Imagine a service that will let you get your hands on almost any book you want, however obscure or expensive, for a very low price. Imagine the opportunity to indulge your curiosity impulsively and read all you want to without going broke.
We call it interlibrary loan, and if we had to invent it today, it probably would lead to congressional hearings and new laws banning it—unless some hot tech startup invented it and called it “Uber for books” or something. Libraries rely on the first-sale doctrine to share, and our ability to keep it going in a digital era is uncertain.
But what an audacious idea, letting libraries pass around the books they purchased to other libraries, and even share articles, videos, music, and reels of obscure microfilm. Sure it costs libraries money. Sure we have to pay staff to hunt down the stuff you want and do a lot of back-end work to make the exchange smooth and efficient. Sure it means sometimes the book you know the library owns is checked out to someone on the other side of the country. It may take a few days. But we would be sunk without it.
Could you do your work without interlibrary loan? Does anyone ever talk about how awesome and how fundamentally important it is? Not much, except in acknowledgements. It’s probably the most frequently mentioned library service in books’ fine-print thank you notes. Other than that, we all take it for granted. We never wrote a breathless press release that was covered by all the media: revolutionary service gives you access to a virtually unlimited number of books!
As so often happens, when a giant tech company announces a new thing, people lose their heads a bit. So it goes with the announcement that Amazon will allow you to borrow as many of a collection of 600,000 books as you like for a mere $120 annually. This is new for Amazon, but it’s not the first e-book subscription service, and not necessarily the best. Oyster has 400,000 books available for the same price; Scribd has 500,000 for $8.99 a month. Both services include books from major publishers not included in Amazon Unlimited, though front-list titles are limited. And even more thrifty, as Maria Bustillos points out with some exasperation at the Awl, there are loads of books at Open Library, Project Gutenberg, and Librivox that are all-you-can-read and totally free. (I would add the Online Books Page to this list, a very useful index and guide.) No, they don’t use Amazon’s Whispersync. Oh no! How inconvenient! They also don’t read over your shoulder and take notes on everything you browse, which pages you linger on, or whether you didn’t finish the book, as Amazon does.
People seem to have been confused by the hyperbolic name and the fact that Amazon is behind it. Most of the books in Kindle Unlimited are self-published or published through Amazon’s imprints. No, it won’t include that $250 physiology textbook you need. I mean, come on. And why would a university press add their list to Amazon’s service and undercut their sales? It may be nonprofit, but it isn’t stupid. It’s unclear what publishers get for signing on, but given the way Amazon constantly jacks up its demands, it hardly matters what the offer is today.
As Joshua Kim has found, Kindle Unlimited includes some of the books he wants, but hardly all—and that’s not really surprising. This is not a plan that the publishers that produce most of our popular books will lovingly embrace. They’re not stupid, either. Though TechCrunch thinks Amazon will triumph because readers will discover new writers and wean themselves from those horrible gatekeepers, I doubt it. Kindle Unlimited, like so many this-will-change-the-world announcements from tech corporations, is lots of huff and puff. It won’t blow our house down.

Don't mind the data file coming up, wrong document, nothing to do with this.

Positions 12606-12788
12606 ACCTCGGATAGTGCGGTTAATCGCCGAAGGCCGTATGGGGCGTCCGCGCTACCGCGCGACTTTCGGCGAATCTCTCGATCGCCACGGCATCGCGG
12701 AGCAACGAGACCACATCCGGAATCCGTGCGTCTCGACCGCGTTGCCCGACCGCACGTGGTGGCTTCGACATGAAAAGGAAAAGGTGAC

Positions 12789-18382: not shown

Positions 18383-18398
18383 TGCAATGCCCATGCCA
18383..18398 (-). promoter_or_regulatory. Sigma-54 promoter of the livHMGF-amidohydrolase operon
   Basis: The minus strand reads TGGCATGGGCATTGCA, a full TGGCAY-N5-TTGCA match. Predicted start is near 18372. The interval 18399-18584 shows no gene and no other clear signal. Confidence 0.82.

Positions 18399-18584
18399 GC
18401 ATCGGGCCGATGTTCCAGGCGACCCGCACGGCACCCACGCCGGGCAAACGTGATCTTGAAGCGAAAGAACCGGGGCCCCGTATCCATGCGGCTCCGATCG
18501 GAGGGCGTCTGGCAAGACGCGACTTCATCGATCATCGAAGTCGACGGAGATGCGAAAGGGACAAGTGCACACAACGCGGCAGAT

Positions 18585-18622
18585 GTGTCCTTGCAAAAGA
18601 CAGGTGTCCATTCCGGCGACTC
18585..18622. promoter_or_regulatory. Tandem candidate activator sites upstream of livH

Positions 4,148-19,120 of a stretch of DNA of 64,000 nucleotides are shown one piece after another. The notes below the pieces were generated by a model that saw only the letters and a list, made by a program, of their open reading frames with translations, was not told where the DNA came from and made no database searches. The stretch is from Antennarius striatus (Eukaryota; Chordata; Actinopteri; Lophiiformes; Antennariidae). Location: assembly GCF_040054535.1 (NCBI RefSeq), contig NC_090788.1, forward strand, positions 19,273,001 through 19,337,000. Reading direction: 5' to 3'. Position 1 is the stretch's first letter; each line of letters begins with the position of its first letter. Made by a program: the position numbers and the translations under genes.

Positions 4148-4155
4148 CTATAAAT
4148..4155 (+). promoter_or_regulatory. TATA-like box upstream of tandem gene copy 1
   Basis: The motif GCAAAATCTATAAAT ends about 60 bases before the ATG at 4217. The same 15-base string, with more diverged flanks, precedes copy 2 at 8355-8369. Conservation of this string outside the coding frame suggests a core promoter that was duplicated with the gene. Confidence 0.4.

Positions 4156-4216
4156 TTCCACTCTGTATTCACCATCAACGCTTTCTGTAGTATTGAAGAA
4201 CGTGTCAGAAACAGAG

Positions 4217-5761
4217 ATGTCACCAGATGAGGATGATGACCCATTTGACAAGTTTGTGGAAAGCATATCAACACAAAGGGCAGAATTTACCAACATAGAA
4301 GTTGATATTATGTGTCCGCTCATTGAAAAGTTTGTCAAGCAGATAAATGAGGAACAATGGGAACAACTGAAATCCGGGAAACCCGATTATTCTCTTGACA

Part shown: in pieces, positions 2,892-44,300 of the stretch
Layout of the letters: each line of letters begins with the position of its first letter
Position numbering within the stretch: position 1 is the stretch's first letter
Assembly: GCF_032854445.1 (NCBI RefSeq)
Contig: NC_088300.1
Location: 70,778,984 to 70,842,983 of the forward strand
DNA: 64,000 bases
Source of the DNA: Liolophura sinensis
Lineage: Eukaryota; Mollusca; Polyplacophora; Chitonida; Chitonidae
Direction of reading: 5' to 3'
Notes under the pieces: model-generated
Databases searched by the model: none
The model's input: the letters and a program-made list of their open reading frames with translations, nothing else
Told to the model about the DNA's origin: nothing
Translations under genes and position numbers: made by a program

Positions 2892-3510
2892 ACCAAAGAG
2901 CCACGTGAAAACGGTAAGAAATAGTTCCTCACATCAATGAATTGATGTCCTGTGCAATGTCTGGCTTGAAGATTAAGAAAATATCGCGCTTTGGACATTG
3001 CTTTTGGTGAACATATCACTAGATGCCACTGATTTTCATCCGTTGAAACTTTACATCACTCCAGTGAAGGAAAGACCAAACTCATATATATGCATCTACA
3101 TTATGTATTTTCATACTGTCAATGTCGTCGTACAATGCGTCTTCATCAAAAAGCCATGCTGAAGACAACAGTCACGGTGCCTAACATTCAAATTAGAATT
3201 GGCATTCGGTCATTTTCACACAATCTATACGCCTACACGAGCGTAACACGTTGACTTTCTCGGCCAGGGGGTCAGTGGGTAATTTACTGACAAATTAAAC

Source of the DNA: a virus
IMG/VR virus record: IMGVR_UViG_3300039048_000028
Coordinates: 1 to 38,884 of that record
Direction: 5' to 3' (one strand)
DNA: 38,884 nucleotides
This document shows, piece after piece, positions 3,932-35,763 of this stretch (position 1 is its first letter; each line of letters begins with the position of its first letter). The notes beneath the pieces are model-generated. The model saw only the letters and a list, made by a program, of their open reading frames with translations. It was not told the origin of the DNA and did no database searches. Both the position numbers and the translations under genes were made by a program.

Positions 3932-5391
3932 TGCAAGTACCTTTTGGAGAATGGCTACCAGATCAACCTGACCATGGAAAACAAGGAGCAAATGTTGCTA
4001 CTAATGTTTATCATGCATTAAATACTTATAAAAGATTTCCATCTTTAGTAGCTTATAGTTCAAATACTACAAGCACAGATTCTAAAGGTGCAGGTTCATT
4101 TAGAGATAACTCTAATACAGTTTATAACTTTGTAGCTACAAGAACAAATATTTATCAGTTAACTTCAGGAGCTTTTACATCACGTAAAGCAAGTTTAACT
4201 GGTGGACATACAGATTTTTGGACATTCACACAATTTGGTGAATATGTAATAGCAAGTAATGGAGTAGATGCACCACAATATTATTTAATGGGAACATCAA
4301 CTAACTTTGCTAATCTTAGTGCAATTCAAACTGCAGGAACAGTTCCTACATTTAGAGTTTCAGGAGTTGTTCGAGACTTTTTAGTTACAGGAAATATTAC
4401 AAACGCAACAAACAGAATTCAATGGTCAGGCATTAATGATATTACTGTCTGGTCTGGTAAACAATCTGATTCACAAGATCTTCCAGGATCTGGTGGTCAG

An extremely dunderheaded commentary by an English fellow of the Adam Smith Institute published at Forbes suggested that all public libraries in the U.K. be closed and the savings used to buy citizens a Kindle Unlimited subscription, which (because it’s not run by the state) will naturally be better and cheaper and no doubt more moral. Because I don’t want to give this foolishness any link love, I’m using the extremely useful donotlink.com service that lets you check out link bait without rewarding it. Like many librarians, I’m so tired of being told by people who don’t use libraries that they are an unnecessary expense for a populace that doesn’t read (based, in this case, on an inaccurate figure, cited as a “number I recall”; the whole piece is full of “at a guess” numbers leading to the recommendation that we “simply junk the physical libraries,” which the current Tory government is already working on). While I am inclined to not feed trolls, I decided to comment on this piece because Ian Clark made a good argument that they are powerful and attack both public services of all kinds and the people who depend on them. Clark writes persuasively:
By speaking up, we are not only defending public libraries but the entire notion of public services. Silence is not how we defend ourselves against an ideological battle, it is how we surrender.
Luckily, I don’t have to parse the Forbes troll’s argument in detail because I can point you to Jacob Berg’s excellent “The End of the ‘End of Libraries.’ ” Although he was responding to a different troll, it took me a while to notice the publication date. Everything he says applies perfectly to the troll du jour.
Over at Huffington Post, Dino Grandoni points out that you can borrow e-books from your library, just like from Amazon, without having to put your pants on. He argues that Kindle Unlimited is just “a glorified library card.” I beg to differ. There’s nothing glorified about it. A library card has a lot more going for it.